This collection of photographs shows Southington, Connecticut as it looked from May 23-30, 1942. The U.S. was in the midst of WWII and photographer Charles Fenno Jacobs was on assignment with the United States Office of War Information, an agency that created and distributed propaganda at home and abroad.
This series of pictures is called “An American town and its way of life, Southington, CT”. Click on the images to see higher quality versions.
1 – Center Street in Southington, CT
The view of Center Street from the Southington town green. There are stores such as Fulton Market, Capitol Shoe Repairing and First National Stores, a self-service grocery store. The website “Lost New England” has a picture of the same spot as it looks today.
2 – Oxley’s Drug Store on North Main St, Southington
Women standing outside of Oxley’s Drug Store, at the corner of Center and North Main Street. The store opened in 1889 and served the Southington community for more than 100 years. The Southington Observer published an article when it closed in 1993.
3 – Monty’s Diner in Southington, CT
Monty’s Diner in Southington CT, May 1942. Next door is the Wigwam and Redmen’s Club. If you zoom in you can see a sign for “Steamed hamburgs”, a food unique to central Connecticut that remains popular to this day.
Monty’s Diner was open 24 hours a day during the war to accommodate shift workers in the town’s defense plants, but business declined in the postwar years and Monty’s closed in 1964.
4 – Shopping for Magazines in Southington, CT
Two women shopping for magazines in Southington. The blog “Colorizing History” created an incredible colorized version of this picture. They researched every magazine and accurately added color to each one. The final image is extremely impressive.
If you want to zoom in on each magazine and admire the details, click here for the full size colorized image.
5 – Dimitrios Giorgio’s Soda Fountain Shop
Dimitrios Giorgios, who came from Greece, ran a soda fountain shop in Southington, CT. He is shown here making banana splits.
Dimitrios wasn’t here long before the country entered World War I, but he immediately joined the American Legion. You can see his “God Bless America” sign hanging in the background. If we could travel back in time to one place in Southington, this would be it.
6 – Grocery Shopping on a Saturday Night
The inside of First National Grocery Store, which you can see in the first picture. The store was self-service at a time when many other grocery stores required the clerk to get your items for you.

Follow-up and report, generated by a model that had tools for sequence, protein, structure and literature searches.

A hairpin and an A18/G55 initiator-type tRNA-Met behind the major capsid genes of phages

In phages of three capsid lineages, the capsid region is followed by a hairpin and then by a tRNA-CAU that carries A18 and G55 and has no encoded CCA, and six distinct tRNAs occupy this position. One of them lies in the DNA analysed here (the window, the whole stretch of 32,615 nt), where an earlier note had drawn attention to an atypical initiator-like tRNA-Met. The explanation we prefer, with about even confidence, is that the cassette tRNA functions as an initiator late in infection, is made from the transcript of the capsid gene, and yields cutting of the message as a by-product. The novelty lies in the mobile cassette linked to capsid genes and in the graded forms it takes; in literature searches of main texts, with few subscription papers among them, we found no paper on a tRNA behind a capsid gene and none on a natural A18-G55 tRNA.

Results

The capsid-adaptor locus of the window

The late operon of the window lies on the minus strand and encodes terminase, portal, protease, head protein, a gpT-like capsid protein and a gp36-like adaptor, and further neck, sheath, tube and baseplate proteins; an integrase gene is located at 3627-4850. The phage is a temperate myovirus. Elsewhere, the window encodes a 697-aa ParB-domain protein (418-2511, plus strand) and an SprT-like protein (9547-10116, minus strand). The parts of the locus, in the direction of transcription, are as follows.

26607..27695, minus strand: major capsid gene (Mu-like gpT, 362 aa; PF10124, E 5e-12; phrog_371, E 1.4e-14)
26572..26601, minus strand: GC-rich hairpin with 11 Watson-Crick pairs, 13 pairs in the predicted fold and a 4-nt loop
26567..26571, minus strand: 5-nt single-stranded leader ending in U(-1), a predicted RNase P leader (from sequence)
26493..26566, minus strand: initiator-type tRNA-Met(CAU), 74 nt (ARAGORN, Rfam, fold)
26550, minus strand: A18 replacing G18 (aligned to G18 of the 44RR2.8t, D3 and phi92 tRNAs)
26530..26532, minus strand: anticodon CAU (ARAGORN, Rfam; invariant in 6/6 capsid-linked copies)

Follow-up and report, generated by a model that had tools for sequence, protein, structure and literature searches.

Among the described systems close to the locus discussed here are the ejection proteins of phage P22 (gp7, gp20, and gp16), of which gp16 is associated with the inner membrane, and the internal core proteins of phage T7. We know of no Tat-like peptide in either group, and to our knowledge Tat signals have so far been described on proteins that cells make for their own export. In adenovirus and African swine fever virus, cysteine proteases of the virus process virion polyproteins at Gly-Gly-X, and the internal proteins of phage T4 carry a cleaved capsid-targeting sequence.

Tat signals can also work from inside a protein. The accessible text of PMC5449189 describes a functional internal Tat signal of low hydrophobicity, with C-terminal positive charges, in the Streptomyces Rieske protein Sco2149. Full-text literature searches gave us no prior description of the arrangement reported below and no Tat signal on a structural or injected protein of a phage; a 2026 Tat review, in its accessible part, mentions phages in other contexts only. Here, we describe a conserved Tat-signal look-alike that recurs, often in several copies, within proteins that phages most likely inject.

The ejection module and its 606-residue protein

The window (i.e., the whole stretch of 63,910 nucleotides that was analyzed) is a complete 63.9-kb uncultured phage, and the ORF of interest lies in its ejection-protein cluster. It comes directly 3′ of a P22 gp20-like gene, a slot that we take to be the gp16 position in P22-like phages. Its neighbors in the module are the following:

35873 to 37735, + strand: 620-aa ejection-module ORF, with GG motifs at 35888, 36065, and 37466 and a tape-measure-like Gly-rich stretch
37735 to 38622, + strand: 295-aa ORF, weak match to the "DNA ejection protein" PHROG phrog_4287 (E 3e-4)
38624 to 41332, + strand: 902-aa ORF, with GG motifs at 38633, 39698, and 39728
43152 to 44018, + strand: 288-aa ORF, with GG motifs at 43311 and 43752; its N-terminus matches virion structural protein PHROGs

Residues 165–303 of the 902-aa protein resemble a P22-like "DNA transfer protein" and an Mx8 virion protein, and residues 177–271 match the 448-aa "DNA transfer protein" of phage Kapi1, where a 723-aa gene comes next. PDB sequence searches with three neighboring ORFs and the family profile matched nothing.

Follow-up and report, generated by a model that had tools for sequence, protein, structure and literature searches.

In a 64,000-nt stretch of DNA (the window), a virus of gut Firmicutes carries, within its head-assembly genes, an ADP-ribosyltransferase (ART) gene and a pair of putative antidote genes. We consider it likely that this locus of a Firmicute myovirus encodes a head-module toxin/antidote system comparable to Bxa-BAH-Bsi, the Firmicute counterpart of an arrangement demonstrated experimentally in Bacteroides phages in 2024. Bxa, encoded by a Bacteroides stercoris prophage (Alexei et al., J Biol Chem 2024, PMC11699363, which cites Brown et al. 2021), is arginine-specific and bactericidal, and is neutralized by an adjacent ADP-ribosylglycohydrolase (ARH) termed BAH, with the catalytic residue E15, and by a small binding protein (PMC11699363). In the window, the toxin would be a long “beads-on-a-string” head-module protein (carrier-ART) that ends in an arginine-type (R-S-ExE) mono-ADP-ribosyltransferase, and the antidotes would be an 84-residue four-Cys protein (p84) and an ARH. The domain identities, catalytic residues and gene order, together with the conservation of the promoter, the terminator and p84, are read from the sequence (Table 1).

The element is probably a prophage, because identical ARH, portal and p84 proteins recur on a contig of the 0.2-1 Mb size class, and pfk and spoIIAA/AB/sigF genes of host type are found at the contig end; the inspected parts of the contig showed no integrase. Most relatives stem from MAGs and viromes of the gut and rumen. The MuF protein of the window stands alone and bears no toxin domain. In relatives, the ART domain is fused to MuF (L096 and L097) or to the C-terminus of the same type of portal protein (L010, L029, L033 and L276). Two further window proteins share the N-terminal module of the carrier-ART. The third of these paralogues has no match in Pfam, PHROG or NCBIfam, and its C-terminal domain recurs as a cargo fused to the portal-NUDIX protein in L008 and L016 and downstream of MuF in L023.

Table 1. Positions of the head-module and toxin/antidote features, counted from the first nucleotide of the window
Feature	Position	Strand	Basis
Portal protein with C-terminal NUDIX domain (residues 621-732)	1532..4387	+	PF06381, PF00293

7 – Mrs. Ethel Oxley’s Drugstore
Mrs. Ethel Oxley in the drugstore she ran on the town’s main street. Her family had a business on this same corner for more than 200 years.
8 – White Birch Farms Fruit & Vegetable Stand
The old fruit and vegetable stand for White Birch Farm in Southington, CT. The stand sold beef, chicken, potatoes, vegetables, fruits and other farm fresh foods.
9 – Orchards and Farmland in Southington
10 – View of the Hanging Hills of Meriden, CT
This picture shows the view from a farm in Southington, CT. In the distance are the hanging hills, a range of mountainous trap rock ridges overlooking the city of Meriden and the Quinnipiac River Valley.
11 – School Buses Arriving
Southington parents waiting for their children to get on the bus.
12 – Children Getting on a School Bus
Kids getting on the bus. Notice the long haired older brother who’s waiting with his kid brother. He’s a man ahead of his time.
13 – The American Flag in a Southington Classroom
At an early age, Southington school children learned the meaning of the American flag. These two girls are walking outside to join their classmates in the pledge of allegiance.
14 – The Pledge of Allegiance
Each day started with the kids saying the Pledge of Allegiance.
15 – Pledging Allegiance to the Flag
The hand salute that the children are giving is called The Bellamy Salute, created by Francis Bellamy to accompany the American Pledge of Allegiance, which he wrote in 1892. During the period when it was used with the Pledge of Allegiance, it was sometimes known as the “flag salute”.
Later, during the 1920’s and 1930’s, Italian fascists and Nazis adopted a salute which had a similar form. This resulted in controversy over the use of the Bellamy salute in the United States. It was officially replaced by the hand-over-heart salute when Congress amended the Flag Code on December 22, 1942.
16 – Reading to the Class
17 – Older Class of Southington Students